10 things theaters need to do to save themselves: A response

At the Seattle website, the Stranger a while back, writer Brandan Kiley, offered a provocative list of “Ten Things Theaters Need to Do Right Now to Save Themselves.”

Allow me to share his points, offer my own thoughts, and encourage theater pros, patrons, and especially those who stay away, to chime in.

1. Enough with the Shakespeare already. “It's time for a five-year moratorium,” writes Kiley, but I strongly disagree. While there seems to be a Shakespeare glut in Indy right now—this weekend, you could see both “A Winter’s Tale” at the Fringe Building and “A Comedy of Errors” at Irvington Lodge—there should always be room for quality work. There, though, lies the rub. On the plus side, Indy actors are getting more opportunities to hone their skills. On the downside, theaters are finding that the number of production entities are making it more difficult to pull together solid casts. More important, I think, is having talented folks working on pieces they are passionate about staging. If that’s Shakespeare, then so be it. (And as my actor friend Eric Rolland wisely said, "Not only is Shakespeare royalty free, but it's the best material ever. Win. Win.")

2. Tell us something we don't know. “Every play in your season should be a premiere—a world premiere, an American premiere, or at least a regional premiere,” writes Kiley, who surely would love the Phoenix Theatre, where that’s pretty much the case. But seeling new or lesser known work is very difficult (Just ask Acting Up Productions, which presented Edward Albee's "At Home at the Zoo" earlier in the season. If the Indiana Repertory Theatre or Beef & Boards took such an approach, they’d be gone before the 2015/16 season. That doesn't, however, mean that theaters should only play it safe. It's in the theater's interest to explore ways to bring exciting new work to its audience–and to present the kind of work that will attract new patrons. Kiley does, wisely, point out that it would be helpful if unions could wave some restrictions in order to make it easier for professional actors to work on Fringe and other small-scale productions where creative risks and experimentation are more likely to occur. Leaving the edgy work to avocational talent encourages mediocrity.

3. Produce dirty, fast, and often. Kiley puts on a pedestal a company that produced 27 plays—including 16 premieres—in a single year. I’m not convinced that more, sloppier work, encourages people to see more theater. There’s a serious risk of scaring off new audiences by offering them half-or-less-baked work..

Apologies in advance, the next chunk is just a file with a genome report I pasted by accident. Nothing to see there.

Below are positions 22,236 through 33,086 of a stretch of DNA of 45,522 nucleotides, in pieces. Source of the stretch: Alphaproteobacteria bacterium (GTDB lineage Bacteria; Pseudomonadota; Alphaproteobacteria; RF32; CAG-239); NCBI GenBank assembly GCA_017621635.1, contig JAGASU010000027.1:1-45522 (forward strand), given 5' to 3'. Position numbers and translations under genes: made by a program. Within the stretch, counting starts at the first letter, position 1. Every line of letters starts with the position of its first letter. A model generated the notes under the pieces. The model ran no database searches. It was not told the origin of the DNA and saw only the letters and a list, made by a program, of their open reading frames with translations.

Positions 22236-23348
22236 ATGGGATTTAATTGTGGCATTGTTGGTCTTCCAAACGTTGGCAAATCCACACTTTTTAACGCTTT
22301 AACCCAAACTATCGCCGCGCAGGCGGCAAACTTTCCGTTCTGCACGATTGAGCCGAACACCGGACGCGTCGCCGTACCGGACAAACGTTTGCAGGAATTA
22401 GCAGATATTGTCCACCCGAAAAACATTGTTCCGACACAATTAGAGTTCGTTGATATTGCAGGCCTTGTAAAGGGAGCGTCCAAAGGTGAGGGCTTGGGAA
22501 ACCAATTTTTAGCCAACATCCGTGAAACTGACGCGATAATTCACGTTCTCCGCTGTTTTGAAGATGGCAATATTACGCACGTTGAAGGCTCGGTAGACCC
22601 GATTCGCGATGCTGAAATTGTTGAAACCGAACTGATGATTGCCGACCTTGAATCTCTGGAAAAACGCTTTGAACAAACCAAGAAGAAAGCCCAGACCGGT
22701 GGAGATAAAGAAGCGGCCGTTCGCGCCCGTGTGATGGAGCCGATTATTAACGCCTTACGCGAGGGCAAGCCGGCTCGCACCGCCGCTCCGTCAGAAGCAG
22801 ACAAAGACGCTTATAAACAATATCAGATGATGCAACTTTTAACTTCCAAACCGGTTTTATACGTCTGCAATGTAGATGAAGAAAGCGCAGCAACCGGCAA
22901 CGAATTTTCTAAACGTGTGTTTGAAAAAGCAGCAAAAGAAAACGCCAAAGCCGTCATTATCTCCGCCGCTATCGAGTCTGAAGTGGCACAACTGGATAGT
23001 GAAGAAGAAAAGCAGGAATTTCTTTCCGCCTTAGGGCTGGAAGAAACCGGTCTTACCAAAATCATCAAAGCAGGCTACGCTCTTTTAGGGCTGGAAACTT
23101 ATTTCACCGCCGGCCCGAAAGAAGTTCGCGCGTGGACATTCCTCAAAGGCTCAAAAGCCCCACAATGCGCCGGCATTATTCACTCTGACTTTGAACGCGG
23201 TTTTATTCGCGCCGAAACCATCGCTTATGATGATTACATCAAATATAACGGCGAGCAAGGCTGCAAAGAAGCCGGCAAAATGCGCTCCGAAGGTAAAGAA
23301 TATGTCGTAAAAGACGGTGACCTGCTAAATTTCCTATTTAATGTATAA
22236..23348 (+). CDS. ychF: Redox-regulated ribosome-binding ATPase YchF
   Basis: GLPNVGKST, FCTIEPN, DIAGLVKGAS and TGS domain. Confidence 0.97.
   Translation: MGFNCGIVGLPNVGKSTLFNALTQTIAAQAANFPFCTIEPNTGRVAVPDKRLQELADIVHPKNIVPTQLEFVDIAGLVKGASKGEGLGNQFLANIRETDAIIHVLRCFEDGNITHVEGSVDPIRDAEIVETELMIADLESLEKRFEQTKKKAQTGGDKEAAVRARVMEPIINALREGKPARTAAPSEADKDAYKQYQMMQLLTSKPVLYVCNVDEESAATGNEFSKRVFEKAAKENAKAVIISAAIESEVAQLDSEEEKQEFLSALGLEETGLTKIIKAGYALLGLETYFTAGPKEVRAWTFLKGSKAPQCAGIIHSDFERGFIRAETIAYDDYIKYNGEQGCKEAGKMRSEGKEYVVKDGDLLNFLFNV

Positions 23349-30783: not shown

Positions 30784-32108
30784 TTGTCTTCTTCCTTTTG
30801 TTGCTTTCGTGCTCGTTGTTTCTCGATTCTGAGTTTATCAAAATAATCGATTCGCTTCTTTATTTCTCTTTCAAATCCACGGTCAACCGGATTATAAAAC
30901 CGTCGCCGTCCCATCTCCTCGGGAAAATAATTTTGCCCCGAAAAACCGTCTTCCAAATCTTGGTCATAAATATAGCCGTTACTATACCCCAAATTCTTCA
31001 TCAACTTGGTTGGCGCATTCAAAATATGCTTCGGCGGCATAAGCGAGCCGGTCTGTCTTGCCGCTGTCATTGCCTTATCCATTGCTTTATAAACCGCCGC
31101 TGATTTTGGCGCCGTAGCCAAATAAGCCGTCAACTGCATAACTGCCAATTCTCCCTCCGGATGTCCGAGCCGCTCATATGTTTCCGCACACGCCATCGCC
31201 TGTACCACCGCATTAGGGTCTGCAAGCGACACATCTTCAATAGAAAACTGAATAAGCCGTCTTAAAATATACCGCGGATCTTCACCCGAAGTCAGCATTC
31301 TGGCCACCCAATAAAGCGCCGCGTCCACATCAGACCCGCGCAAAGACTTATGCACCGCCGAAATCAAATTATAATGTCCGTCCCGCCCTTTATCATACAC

4.Get them young. Duh. But, I’d add, you have to give them a worthwhile experience or they go away very quickly.

5. Offer child care. Perhaps the smartest rule on Kiley’s list. “People with young children should be able to show up and drop their kids off with some young actors in a rehearsal room for two hours of theater games.” An after-effect: …it will teach children to go to the theater regularly. And they'll look forward to the day they graduate to sitting with the grown-ups.”

6. Fight for real estate. “Push government for cheap artists' housing,” says Kiley. You tell me: Is that an issue here in Indy? Would more artists stick around if there were some sort of subsidy? The challenge here, I think, is the large gray area of part-time artists with day jobs to sustain them. How do you decide who would qualify?

7. Build bars. “Treat your plays like parties and your audience like guests,” writes Kiley. “Encourage them to come early, drink lots, and stay late.” While some theaters here have tried pre-show events, few offer opportunities to hang out afterwards. Seems like an idea worth exploring.

8. Boors' night out. “For one performance of each show, invite the crowd to behave like an Elizabethan or vaudeville audience: Sell cheap tickets, serve popcorn, encourage people to boo, heckle, and shout out their favorite lines.” Are we ready for a “Rocky Horror” approach to theater? Sounds like occasional fun but not something practical—or desirable—on a regular basis. This assumes that people stay away because they aren't allowed to text, talk back, etc. I don't think it's that conscious of a choice.

9. Expect poverty.  “Actors have to jettison the living-wage argument,” says Kiley. My response: Most of them already have. My secondary response: Why should actors have to accept poverty wages if others on the team are making money?

10. Drop out of graduate school. “Most of you students in MFA programs don't belong there—your two or three years would be more profitable, financially and artistically, out in the world, making theater. Drama departments are staffed by has-beens and never-weres, artists who might be able to tell you something worthwhile about the past, but not about the present, and certainly not about the future.” I’ll let those of you who are students or teachers in theater programs debate this one.

Your thoughts?

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